Still the Warsaw Ghetto became the largest ghetto of Europe, the most important ghetto in the largest and most important Jewish community in Europe. It was the home of more than 400,000 Jews, perhaps at its peak even as many as 445,000, more than 30% of the population of Warsaw, who lived in 2.4 percent of the city, with a population density of 200,000 per square mile and 9.4 persons to a room.
When one writes that conditions were difficult, one must remind the reader that the word “difficult” when used in the ghetto is not an ordinary word; in the ghetto conditions were impossible, circumstances intolerable and it was the task of each person, each family, as well as the community to make the impossible and the intolerable endurable for but one more month, one more week, on more day, one more hour, one more minute.
The distance between ordinary pre-war life and life in the ghetto was immeasurable; and for many the distance between survival and despair was razor thin.
We now know what the Jews did not know and could not know because even their tormentors, the Germans did not know. That the ghetto was a holding pen until “the Final Solution” became operative policy of the Third Reich and the infrastructure was built that could kill the Jews of Poland. The “Final Solution” became operational in June 1941 with the German invasion of the Soviet Union and Soviet-help territories and German experience with the mobile killing units that were sent to the town, villages and hamlets of these newly occupied territories to murder the Jews, Soviet Commissars and Gypsies proved decisive in shaping the next stage of killing – the development of the killing centers, the death camps. Six Centers were created Chelmno was the first, it opened for gassing on December 8, 1941, more than six weeks before the Wannsee Conference. Auschwitz and Majdanek were the most developed as slave labor camps, killing centers and concentration camps. Three killing centers – Belzec, Sobibor and Treblinka — had one purpose and one purpose alone, the murder of Jews.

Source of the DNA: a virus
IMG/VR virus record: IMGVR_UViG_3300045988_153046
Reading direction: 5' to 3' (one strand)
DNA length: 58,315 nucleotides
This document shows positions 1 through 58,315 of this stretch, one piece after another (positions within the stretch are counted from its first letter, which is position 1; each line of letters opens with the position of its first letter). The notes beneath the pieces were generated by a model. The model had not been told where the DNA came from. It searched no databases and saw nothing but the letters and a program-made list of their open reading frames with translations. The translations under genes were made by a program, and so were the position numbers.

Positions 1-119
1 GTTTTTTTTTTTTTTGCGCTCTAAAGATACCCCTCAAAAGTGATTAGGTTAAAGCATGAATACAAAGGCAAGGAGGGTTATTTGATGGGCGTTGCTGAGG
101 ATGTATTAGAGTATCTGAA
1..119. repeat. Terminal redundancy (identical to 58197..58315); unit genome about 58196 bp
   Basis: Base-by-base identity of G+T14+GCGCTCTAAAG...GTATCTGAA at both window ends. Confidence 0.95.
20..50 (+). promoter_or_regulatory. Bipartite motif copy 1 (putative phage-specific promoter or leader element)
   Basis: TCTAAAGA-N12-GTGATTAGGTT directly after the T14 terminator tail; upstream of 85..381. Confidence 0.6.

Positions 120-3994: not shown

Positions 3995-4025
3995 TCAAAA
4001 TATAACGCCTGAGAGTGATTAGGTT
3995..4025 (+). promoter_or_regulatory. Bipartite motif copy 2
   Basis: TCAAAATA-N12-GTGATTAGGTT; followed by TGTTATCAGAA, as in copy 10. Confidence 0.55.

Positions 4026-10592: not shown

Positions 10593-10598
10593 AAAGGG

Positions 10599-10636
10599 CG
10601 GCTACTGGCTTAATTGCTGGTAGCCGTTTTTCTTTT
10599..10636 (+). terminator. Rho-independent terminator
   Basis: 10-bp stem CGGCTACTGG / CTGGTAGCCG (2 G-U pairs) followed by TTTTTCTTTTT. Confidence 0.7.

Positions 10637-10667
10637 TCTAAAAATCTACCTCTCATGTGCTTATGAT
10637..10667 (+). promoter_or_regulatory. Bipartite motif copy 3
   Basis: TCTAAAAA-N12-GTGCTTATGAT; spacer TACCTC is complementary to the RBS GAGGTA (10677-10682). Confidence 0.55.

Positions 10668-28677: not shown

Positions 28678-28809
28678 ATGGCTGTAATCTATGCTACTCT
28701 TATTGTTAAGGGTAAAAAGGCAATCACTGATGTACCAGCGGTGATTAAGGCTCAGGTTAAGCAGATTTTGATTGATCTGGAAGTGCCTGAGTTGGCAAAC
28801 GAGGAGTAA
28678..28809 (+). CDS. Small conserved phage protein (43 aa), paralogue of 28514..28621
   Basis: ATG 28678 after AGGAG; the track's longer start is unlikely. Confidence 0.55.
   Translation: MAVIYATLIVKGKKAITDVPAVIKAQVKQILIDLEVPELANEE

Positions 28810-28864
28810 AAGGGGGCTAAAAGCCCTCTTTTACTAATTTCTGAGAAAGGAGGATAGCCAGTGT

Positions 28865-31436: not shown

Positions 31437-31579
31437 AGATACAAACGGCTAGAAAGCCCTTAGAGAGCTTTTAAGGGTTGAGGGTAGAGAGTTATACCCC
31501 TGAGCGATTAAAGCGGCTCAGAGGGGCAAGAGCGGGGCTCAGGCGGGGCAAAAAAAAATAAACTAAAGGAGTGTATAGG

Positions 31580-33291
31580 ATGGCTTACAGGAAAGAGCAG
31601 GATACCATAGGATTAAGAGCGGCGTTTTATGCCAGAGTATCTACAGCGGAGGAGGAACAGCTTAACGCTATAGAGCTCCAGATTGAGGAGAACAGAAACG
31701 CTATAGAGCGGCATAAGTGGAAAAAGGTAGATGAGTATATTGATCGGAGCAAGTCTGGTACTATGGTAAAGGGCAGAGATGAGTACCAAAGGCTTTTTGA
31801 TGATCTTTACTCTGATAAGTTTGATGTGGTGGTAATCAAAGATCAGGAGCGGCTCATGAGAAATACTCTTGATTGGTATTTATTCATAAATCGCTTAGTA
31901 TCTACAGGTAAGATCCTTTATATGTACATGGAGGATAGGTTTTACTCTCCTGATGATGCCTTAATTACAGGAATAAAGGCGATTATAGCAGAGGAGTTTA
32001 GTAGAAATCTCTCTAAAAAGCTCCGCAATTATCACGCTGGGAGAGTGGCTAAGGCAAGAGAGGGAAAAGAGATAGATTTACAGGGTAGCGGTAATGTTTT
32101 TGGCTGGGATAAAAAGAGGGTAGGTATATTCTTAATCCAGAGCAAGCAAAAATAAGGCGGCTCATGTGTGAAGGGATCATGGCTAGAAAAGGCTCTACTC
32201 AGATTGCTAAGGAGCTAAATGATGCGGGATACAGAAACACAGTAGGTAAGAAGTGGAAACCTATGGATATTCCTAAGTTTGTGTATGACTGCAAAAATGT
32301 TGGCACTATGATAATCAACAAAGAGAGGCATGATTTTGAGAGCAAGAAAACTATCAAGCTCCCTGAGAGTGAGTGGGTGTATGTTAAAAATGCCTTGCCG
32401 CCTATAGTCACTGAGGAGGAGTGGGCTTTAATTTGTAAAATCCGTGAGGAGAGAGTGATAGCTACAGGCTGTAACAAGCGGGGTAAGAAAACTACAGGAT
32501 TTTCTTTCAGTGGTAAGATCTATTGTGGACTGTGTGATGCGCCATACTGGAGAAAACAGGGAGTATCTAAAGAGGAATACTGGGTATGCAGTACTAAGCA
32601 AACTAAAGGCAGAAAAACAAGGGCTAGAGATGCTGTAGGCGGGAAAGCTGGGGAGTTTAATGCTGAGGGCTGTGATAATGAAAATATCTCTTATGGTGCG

For Warsaw Jewry the destination was Treblinka, which opened on July 22, 1942, the very day that the first great deportation left Warsaw and continued to receive – and then gas arriving — Jews in the great Aktion until September 21st.
The Warsaw Ghetto after the great deportation was a different place than before. The children were gone; so too, were the elderly. The illusion of life indefinite was gone so too the thought that the Germans – cultured and civilized as they were presumed to be – were not murderous thugs committed to total destruction. A further deportation, the small deportation began on January 18, 1943 and then the final deportation on April 19th, a birthday present to the Fuhrer, Warsaw was to be made Judenrein. This occasioned the fabled Warsaw Ghetto Uprising that has entered Jewish lore and Jewish memory. This is not the moment to dwell on the Ghetto Uprising, but no mention of Warsaw can be complete without considering it.
Suffice it to say that for the killers, the ghetto was temporary; their victims did not know that and could not know that.